When Dogfish Head Craft Brewery Owner Sam Calagione was actively building his Rehoboth Beach brewpub, he did not know brewing was illegal in Delaware. In this quick video, Calagione recounts the big day he went to the brewpub to take down the old sign of the last failed restaurant when some passerby (upon asking what he planned for the new business) informed him it was illegal to brew commercially in the state. In fact, in 1995, Calagione was weeks away from opening Dogfish Head Brewings & Eats when he found out, so he ended up creating a bill that eventually made brewing commercially legal in Delaware. It’s great craft beer lore, but there is still work to be done.
A new law from Rep. William Carson is finally allowing Delaware craft distilleries, wineries and breweries the ability to offer glasses of products from other Delaware craft beverage makers. It’s a long time coming. HB 373 allows the 30-plus alcohol producers in the state to share and sell Delaware made beer, wine, cider, mead, whiskey, gin and beyond. Distributors are cool with it, but the aforementioned Dogfish Head is still not yet participating as it does already make a variety of beer and spirits all on its own. From Delaware Online:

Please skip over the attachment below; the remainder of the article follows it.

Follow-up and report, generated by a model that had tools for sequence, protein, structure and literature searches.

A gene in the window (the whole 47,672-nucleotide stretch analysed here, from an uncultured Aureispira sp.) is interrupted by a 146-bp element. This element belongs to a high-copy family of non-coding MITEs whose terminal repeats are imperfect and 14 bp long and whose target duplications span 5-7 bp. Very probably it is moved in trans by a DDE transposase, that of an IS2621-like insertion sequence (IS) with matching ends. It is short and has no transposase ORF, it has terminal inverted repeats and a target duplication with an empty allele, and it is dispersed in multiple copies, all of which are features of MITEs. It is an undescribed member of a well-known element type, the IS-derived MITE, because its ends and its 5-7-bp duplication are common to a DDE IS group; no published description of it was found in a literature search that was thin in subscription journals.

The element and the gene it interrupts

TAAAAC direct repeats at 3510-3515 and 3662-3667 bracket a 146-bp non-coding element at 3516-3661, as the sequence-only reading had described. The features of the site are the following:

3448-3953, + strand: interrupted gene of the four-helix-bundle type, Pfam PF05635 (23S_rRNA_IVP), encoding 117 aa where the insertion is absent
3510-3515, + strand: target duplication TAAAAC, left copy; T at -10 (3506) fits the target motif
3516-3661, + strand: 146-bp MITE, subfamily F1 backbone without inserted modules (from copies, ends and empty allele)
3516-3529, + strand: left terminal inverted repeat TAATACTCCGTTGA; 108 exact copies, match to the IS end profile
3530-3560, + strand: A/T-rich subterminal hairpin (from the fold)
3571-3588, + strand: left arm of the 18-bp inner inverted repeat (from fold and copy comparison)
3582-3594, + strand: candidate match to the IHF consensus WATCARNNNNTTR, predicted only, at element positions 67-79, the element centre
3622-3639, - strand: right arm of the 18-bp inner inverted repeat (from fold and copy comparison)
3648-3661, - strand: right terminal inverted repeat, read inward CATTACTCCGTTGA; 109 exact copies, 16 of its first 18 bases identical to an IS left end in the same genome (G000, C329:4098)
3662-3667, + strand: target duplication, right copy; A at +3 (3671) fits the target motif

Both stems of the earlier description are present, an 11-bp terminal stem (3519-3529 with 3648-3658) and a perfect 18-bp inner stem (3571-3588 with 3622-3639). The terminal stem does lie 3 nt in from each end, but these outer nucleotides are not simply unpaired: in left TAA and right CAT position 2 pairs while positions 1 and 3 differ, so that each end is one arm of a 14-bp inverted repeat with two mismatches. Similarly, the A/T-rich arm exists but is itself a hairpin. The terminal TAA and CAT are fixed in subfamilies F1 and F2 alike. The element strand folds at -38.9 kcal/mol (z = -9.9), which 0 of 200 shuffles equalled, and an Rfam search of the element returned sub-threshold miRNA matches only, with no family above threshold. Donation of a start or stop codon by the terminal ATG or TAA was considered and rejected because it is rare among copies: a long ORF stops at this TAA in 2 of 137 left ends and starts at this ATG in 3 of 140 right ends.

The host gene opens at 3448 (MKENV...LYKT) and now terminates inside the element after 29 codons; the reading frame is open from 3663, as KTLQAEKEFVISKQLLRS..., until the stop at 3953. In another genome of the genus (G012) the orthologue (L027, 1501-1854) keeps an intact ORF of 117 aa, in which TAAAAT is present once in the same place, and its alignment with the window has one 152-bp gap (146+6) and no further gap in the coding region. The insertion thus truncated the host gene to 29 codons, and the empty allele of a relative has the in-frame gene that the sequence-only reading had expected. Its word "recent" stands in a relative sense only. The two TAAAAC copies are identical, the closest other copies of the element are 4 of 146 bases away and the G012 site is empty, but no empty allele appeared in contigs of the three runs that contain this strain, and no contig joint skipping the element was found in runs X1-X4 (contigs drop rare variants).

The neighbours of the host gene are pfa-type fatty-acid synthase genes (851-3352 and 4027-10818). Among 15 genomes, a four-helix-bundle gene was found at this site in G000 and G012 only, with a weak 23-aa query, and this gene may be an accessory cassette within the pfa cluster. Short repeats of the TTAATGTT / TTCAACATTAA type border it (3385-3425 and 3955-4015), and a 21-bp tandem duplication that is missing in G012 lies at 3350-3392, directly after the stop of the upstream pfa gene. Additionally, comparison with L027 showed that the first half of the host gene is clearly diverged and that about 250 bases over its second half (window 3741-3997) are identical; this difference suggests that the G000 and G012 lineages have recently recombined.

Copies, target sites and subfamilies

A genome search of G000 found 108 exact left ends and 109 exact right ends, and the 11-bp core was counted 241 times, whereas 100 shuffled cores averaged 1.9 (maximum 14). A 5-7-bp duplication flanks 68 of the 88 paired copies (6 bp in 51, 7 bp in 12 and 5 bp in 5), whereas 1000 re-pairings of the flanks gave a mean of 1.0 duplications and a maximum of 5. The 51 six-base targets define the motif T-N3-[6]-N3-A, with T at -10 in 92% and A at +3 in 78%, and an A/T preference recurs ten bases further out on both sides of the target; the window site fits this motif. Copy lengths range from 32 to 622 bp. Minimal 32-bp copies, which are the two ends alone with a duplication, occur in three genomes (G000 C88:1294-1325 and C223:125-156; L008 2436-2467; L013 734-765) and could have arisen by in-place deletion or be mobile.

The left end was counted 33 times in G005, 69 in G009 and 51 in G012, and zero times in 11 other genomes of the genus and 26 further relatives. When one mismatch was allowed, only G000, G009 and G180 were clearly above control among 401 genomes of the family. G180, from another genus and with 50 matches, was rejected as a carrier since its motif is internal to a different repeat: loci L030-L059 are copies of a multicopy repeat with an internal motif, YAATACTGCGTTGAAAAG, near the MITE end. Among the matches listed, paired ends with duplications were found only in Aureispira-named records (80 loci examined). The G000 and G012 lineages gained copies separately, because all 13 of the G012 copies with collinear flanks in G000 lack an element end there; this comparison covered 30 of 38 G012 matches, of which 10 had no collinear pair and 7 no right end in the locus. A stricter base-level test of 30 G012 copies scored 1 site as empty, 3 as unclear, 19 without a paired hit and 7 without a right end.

The bill did not face resistance from the state’s alcohol distributors because language in the bill was specifically crafted to keep the state’s three-tier distribution in place. That means the state’s breweries, wineries, distilleries, meaderies and cideries would not be able to directly sell to each other but would have to go through a third party. That means everyone involved in the production, distribution and sale of the product would benefit.
Dogfish Head has not yet jumped into the action, but representatives say they are open to participating down the road.